In what has become practically a routine, whenever bad publicity for the Council on American-Islamic Relations (CAIR) surfaces, in an almost Pavlovian response, the New York Times leaps to its defense.
As I wrote about last March in The New Republic, when CAIR had befallen several embarrassing public setbacks, including the rescinding of an award from Sen. Barbara Boxer's office and public opposition on Capitol Hill for the use of a room to host a CAIR event, the Times dispatched its reporter, Neil MacFarquhar, to resuscitate CAIR's image.
And now that CAIR has been named as an un-indicted co-conspirator in the Hamas fundraising trial against the Holy Land Foundation for Relief and Development (HLF), and copious amounts of evidence linking CAIR to both Hamas itself and the Palestine Committee of the Muslim Brotherhood have been reported, MacFarquhar and the Times are at it again, printing an article (Muslim Groups Oppose a List of ‘Co-Conspirators') that may as well be a CAIR press release. In fact, this "story" was spurred by CAIR's announcement that the organization had filed an "amicus" brief in the HLF trial, seeking to remove itself from the list of un-indicted co-conspirators, and folded into its press release to shore up CAIR's ridiculous – yet typical – persecution fantasy.
Meanwhile, the Times has done virtually no reporting whatsoever since the trial began one month ago, save one MacFarquhar piece during jury selection (which I wrote about at the time), another piece of CAIR-esque propaganda:
In today's New York Times, Neil MacFarquhar, parroting the tactic of Islamist organizations like CAIR and the Muslim Public Affairs Council (MPAC), pretends to speak for all American Muslims, writing:
For American Muslims, whose religion stipulates that they give 2.5 percent of their annual income to charity, the shuttering of so many of their organizations without a hearing smacks of discrimination.
No attempt is even made to qualify that statement with a "some," "many" or even a "most" – apparently MacFarquhar knows how all American Muslims feel. Much of his article serves as apologia for the defendants, as well.Yet again, when given an opportunity to report on CAIR's Executive Director Nihad Awad being officially placed by the FBI at the notorious 1993 Philadelphia meeting of Hamas activists and supporters, or the fact that there is documentary evidence consisting of official Muslim Brotherhood manifestoes from the trial directly linking CAIR with other noted American-based Hamas-front groups such as the Islamic Association for Palestine (IAP) and the United Association for Studies and Research (UASR), the Times completely ignores the evidence and is nowhere to be seen.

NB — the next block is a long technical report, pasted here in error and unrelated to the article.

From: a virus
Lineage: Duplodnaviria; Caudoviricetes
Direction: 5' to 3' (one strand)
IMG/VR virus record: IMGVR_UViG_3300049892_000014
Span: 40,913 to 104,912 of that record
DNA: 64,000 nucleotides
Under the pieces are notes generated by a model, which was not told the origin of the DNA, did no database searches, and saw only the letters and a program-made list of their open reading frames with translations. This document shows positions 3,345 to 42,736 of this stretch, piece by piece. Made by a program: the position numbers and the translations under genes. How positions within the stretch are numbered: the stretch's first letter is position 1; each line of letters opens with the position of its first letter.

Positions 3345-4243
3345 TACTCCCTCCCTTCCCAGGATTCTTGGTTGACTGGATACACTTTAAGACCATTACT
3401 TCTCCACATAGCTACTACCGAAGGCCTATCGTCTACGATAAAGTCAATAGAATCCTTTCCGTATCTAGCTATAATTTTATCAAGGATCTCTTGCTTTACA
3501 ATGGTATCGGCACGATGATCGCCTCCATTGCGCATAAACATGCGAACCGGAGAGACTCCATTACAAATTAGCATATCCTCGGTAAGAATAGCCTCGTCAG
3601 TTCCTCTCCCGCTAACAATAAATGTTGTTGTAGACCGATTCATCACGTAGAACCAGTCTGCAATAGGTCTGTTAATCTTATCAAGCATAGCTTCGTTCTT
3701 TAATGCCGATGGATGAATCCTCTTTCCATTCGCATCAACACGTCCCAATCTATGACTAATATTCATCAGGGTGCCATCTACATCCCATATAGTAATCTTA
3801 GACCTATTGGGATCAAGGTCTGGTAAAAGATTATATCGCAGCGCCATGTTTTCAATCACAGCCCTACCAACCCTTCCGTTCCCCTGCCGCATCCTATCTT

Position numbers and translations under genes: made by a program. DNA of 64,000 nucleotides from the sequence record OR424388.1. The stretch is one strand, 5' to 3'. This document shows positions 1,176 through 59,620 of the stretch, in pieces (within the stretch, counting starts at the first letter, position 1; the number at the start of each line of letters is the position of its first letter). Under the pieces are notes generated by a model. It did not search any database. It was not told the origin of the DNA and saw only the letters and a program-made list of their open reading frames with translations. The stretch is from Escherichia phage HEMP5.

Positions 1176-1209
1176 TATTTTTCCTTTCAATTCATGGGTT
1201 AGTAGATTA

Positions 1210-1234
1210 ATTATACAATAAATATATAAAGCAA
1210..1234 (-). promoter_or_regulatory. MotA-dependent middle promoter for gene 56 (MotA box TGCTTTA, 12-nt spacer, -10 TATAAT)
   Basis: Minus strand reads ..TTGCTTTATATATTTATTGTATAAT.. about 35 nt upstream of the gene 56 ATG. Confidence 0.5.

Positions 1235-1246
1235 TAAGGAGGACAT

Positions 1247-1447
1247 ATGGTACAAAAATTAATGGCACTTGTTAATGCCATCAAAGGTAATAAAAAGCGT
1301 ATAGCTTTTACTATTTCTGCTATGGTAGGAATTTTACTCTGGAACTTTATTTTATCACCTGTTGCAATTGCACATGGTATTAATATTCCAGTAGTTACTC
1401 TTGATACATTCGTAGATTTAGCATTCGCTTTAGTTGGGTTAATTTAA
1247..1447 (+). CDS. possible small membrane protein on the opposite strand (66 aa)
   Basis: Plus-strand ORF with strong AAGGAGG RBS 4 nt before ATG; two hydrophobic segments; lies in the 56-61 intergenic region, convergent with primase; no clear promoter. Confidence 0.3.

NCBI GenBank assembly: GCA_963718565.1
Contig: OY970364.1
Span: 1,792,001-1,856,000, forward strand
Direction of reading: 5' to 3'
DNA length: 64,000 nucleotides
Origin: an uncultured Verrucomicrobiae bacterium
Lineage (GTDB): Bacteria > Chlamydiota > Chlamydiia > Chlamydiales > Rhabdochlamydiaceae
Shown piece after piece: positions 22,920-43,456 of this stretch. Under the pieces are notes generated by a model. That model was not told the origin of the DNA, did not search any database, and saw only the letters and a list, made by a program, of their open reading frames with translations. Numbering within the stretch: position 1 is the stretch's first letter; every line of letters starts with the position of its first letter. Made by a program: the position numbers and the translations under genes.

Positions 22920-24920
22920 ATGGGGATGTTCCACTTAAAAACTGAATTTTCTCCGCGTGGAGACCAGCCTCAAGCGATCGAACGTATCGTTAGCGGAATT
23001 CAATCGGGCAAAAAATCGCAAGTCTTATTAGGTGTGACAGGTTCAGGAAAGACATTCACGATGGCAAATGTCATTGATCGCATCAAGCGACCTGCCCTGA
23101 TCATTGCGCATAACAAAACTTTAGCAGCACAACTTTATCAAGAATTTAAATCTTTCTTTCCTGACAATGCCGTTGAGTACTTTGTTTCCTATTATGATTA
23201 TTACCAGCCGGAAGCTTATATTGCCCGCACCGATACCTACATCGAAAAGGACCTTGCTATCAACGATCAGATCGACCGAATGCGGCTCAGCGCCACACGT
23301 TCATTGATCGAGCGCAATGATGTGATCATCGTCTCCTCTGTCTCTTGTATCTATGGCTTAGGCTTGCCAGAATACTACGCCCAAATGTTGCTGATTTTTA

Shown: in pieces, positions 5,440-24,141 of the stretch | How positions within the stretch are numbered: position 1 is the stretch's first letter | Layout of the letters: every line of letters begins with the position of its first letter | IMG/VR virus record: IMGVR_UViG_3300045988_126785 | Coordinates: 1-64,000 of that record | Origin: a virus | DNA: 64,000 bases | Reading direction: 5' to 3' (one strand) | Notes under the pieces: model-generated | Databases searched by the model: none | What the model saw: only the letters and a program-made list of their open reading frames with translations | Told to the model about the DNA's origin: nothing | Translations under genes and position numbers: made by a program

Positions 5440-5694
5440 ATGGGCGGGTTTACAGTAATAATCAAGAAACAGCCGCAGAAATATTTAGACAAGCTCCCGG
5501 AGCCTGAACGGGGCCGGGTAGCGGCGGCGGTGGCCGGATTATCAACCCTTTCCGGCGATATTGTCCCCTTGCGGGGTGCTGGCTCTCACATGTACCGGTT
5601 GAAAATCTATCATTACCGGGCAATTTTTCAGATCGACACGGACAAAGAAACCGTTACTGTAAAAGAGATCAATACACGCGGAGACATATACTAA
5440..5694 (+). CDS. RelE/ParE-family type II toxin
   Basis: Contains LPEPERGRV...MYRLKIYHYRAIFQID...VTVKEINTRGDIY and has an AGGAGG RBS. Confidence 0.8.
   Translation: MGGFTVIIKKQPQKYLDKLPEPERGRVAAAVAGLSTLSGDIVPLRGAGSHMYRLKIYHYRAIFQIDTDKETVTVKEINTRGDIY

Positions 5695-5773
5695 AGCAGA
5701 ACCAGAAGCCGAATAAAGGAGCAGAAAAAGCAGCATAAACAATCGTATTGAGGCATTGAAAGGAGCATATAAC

But when CAIR claims that the U.S. government is involved in a long-ranging conspiracy for the purposes of the "demonization of all things Muslim," (emphasis added) then MacFarquhar and the Times are right there to serve as CAIR's unofficial mouthpiece. As far as the Times' readers are concerned, the free pass given to one of the most controversial and dangerous organizations in America continues unfettered. And despite the mounting and damning evidence coming to light due to the HLF trial, coupled with the already long, troubling and well known history of radicalism, anti-Americanism and virulent anti-Semitism espoused by CAIR officials, no doubt America's "paper of record" will continue to run cover for them for a long time to come.